Stanford University is conducting an Interventional Trial in 360 participants in order to to expand the differential diagnosis and provide an evidence--based therapy for the large population of patients with angina in the absence of obstructive CAD who currently remain undiagnosed and untreated.
Angina in the absence of obstructive coronary artery disease (CAD) affects millions, resulting in a reduced quality of life and a burden on the health care system. Previous work has focused on endothelial and microvascular dysfunction as causes of angina in these patients, but even when these etiologies are tested for, nearly half of patients remain undiagnosed, and proven therapies are lacking. The long--term goal of this research proposal is to improve the lives of patients with angina in the absence of obstructive CAD. These patients have been found to have a disproportionate prevalence of myocardial bridges (MBs) (60% vs. 30% in the general population).
MBs are known to cause angina, and the mechanism by which they do so is also known, but MBs have not been actively studied in the context of patients with angina in the absence of obstructive CAD. Medical therapies for symptomatic MBs, including beta blockers and calcium channel blocker have been suggested, but have never been appropriately tested, and may not be better than placebo. The overall objective of this research proposal is to demonstrate that MBs are an important and treatable cause of angina in patients with non--obstructive CAD.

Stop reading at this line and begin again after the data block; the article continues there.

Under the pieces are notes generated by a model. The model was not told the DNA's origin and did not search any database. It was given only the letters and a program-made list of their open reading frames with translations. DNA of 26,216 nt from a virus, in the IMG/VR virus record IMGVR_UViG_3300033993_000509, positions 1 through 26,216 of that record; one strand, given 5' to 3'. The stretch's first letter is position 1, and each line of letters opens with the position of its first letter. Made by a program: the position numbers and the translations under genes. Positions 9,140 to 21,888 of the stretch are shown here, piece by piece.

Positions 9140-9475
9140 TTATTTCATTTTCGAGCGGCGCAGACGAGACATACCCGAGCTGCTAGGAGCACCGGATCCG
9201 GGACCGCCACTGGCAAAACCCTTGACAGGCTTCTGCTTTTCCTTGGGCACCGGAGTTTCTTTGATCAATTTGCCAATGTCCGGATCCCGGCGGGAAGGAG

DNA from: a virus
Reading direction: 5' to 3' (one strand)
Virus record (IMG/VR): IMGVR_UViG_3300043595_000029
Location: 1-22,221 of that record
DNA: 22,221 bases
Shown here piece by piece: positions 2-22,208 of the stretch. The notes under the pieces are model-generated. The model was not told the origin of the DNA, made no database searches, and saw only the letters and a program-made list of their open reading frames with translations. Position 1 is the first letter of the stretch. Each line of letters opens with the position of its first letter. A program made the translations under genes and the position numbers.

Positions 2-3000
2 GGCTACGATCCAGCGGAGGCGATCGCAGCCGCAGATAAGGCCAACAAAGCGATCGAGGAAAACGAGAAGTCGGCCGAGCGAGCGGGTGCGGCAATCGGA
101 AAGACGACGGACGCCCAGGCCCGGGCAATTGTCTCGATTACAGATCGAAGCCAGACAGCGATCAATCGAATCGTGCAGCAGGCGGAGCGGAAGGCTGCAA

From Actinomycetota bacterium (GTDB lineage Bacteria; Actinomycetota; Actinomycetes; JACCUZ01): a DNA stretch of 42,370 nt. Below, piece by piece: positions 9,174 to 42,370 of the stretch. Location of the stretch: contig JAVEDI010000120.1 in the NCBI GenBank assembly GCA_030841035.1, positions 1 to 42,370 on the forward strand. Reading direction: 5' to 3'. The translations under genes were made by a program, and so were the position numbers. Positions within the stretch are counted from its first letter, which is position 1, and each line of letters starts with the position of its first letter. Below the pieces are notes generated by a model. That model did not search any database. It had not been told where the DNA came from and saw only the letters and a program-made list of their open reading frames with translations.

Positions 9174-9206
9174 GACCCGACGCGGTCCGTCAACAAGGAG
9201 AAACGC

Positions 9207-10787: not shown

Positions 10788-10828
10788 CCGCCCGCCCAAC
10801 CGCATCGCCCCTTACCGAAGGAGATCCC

The investigator will conduct the first--ever randomized, double--blind, placebo--controlled trial of medical therapy in patients with angina and an MB. The rationale is that a proven treatment would significantly expand the paradigm by which patients with angina in the absence of obstructive CAD are evaluated and treated. Our central hypothesis is that beta blockers and calcium channel blockers are effective treatments for reducing angina in patients with an MB compared with placebo. Guided by strong preliminary data, this hypothesis will be tested by pursuing two specific aims: 1) Determine the efficacy of beta blockers and calcium channel blockers in treating patients with angina and an MB and 2) Identify predictors of efficacy of beta blockers and calcium channel blockers in treating patients with angina and an MB. For Aim #1, the investigator will randomize a total of 360 adult patients with angina and an MB into one of three treatment arms: beta blocker (nebivolol), calcium channel blocker (diltiazem), or placebo (1:1:1).
Efficacy will be determined after 30 days on the study drug by a change in angina, as assessed by the Seattle Angina Questionnaire (SAQ). The investigator will also evaluate changes in exercise capacity, as well as drug adherence and side effects. For Aim #2, the investigator will evaluate MB muscle index (MMI, a product of MB length x depth) by coronary computed tomography angiography, as well as male sex, as predictors of efficacy. Randomization will be stratified on sex, ensuring a balance of women and men in each arm. The proposed research is innovative because it shifts the current clinical perspective on angina in the absence of obstructive CAD by considering myocardial bridging as a potential etiology.
It is also significant because it will substantially increase the number of patients with angina in the absence of obstructive CAD that clinicians are able to diagnose and treat, ultimately leading to improvements in quality of life and a reduction in health care costs.